Firechat lets you exchange messages and pictures with people around you, even if there is no internet access
Firechat could become a sort of ephemeral social network where you could share opinions on the sports, updates on the protest or your mood with people in the same area in a “much more interactive and realtime way compared to apps like Whisper and Secret.”
Problems – and the future
Apart from acting as a virtual soapbox, where you can air your secrets, opinions, and frustrations, the potential ways to use social networks and messaging apps like Whisper, Secret, and Firechat are many and varied. So too are the threats inherent to these apps.
If, on one hand, anonymity seems to promote sincerity and to protect users, on the other hand it could be a limit to the depth of conversation. Moreover, a fictitious identity can attract trolls and haters, especially in direct messaging apps like Truth. Until now, however, we’ve actually seen more empathy than anything else.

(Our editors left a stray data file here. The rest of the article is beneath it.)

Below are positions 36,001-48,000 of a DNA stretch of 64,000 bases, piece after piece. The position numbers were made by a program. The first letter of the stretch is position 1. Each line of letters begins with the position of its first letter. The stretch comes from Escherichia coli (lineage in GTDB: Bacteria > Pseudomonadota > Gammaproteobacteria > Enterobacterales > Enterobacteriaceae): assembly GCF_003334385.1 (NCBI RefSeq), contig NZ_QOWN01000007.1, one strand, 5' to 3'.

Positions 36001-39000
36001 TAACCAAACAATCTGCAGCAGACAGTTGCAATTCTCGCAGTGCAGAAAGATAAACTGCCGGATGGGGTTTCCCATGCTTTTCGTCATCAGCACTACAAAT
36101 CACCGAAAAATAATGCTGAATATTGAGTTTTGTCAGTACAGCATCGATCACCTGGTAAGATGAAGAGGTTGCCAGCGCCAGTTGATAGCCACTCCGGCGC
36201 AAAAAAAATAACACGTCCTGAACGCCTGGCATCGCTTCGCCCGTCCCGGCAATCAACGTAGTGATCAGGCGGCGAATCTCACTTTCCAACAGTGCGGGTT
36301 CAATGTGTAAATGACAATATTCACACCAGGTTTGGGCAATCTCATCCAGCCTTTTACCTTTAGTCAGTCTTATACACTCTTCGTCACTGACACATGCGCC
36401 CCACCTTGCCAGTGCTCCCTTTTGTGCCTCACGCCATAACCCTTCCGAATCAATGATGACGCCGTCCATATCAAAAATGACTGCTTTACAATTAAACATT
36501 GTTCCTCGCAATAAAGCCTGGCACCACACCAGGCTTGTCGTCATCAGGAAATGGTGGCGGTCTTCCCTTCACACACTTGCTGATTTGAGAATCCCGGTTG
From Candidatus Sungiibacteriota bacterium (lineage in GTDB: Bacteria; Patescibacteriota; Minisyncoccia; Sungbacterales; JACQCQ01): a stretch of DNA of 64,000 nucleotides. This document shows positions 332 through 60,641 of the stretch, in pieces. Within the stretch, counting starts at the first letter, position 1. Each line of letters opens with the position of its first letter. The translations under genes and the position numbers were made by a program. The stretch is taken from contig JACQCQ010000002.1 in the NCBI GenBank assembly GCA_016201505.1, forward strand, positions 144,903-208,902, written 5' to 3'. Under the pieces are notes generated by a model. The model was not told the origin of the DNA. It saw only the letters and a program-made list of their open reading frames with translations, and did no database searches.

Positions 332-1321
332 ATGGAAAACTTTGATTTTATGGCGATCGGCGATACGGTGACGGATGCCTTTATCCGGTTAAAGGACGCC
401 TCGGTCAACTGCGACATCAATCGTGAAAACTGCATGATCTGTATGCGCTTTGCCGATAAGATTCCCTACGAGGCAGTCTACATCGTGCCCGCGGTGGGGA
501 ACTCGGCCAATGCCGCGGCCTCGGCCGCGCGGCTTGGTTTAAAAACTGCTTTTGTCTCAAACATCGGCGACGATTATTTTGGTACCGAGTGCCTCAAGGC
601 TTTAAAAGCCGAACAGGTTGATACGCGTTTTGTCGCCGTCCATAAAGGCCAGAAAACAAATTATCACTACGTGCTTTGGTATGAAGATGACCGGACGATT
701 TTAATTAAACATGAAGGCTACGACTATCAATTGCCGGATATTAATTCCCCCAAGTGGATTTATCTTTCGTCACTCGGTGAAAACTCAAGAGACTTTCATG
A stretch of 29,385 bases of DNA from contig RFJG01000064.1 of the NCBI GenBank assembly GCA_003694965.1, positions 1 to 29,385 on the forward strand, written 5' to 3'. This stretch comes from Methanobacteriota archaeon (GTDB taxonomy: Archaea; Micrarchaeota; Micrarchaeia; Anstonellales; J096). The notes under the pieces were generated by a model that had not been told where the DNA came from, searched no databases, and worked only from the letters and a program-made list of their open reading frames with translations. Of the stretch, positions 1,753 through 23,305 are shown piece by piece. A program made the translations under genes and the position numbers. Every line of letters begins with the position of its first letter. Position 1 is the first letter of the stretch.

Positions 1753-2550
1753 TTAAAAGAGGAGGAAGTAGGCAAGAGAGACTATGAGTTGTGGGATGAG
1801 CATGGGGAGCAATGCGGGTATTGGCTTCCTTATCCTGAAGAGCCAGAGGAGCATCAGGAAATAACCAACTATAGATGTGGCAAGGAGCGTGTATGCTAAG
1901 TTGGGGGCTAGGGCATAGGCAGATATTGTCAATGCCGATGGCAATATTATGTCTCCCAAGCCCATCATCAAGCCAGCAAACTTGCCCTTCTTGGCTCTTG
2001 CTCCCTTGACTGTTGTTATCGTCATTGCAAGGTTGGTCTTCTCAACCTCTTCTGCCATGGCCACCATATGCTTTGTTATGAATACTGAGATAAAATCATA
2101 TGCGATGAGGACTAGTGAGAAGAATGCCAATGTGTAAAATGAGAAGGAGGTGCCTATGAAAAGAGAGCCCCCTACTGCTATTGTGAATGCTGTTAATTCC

Fake news has already been published on Whisper and Secret, like the alleged change of ownership of Evernote, as well as gossip. We can’t say if they will become a source of cyber-bullying, or if we’ll see changes to their anonymity policies in the future.
Whatever about dangers, the potential is huge. First of all, in regard to journalism and the sharing of private information anonymously through the apps. This could prove to be an important way of sharing information without revealing the source’s identity.
Moreover, compared to social networks like Facebook, where the publicity of our identity makes us wear social “masks” and act consequently, these apps let us be free. We can be more sincere and honest, even with ourselves. That means that apps like Whisper and Firechat could prove to be interesting indexes of social trends and moods.